In my opinion, a healthy rate of musical growth is a prime goal. When we begin learning an exercise, etude, excerpt or solo, things are a little difficult, but we learn at a fast rate. But when we start to master the difficulties, our growth begins to slow down. Many of us, who practice the same thing for a long time (months or even years), aim to achieve more refined and reliable approaches with our music. This is generally a good idea, but can stifle our growth, as can be seen in this expertly-rendered graph from the Trumpet Journey research lab:
On the other hand, if we allow enough time in which we do not practice an exercise or piece, our quality control will unfortunately go down. But our potential for musical (or physical) growth will increase!
Therefore, as an alternative, we could choose a cyclic scheme for practice, in which we keep coming back to previously-learned repertoire, but allow for some rest between specific repertoire.
As an example, this is one reason I rely on a weekly rotation for practice and warmup. Instead of practicing Jimmy Stamp patterns everyday (even though they are really great for fluidity and tone), I work on those only on Monday. Then on Tuesday, I work on a Claude Gordon routine for strength. On Wednesday, I delve into Michael Sach’s wonderful Daily Fundamentals, and this turns my attention back to fluidity and tone. On Thursday, I work on a collection of Carmine Caruso exercises–again focusing on strength. On Friday, I get out my Cichowicz Flow Studies (fluidity). Then on Saturday and Sunday I usually work on John Daniel’s fabulous Special Studies for Trumpet (focusing on “efficiency”).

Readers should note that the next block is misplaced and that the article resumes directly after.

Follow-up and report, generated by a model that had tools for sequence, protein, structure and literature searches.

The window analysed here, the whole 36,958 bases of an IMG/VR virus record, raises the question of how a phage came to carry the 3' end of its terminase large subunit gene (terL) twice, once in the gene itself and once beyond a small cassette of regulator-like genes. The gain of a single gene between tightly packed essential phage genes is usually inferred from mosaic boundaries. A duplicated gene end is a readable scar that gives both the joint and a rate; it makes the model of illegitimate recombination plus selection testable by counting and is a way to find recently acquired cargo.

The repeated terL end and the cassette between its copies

My weekly rotation may not be the answer for every trumpeter, but the fact that I keep changing materials allows for continuous, high-end growth everyday.
Another example: in the Suzuki approach to musical study, students are encouraged to do reviews of books that have already been finished–this brings back all of the good techniques and musical insights that the student learned alongside those older pieces.
We can also experience high growth if we keep coming back (after some rest) to our etudes, solos and excerpts that we already learned.
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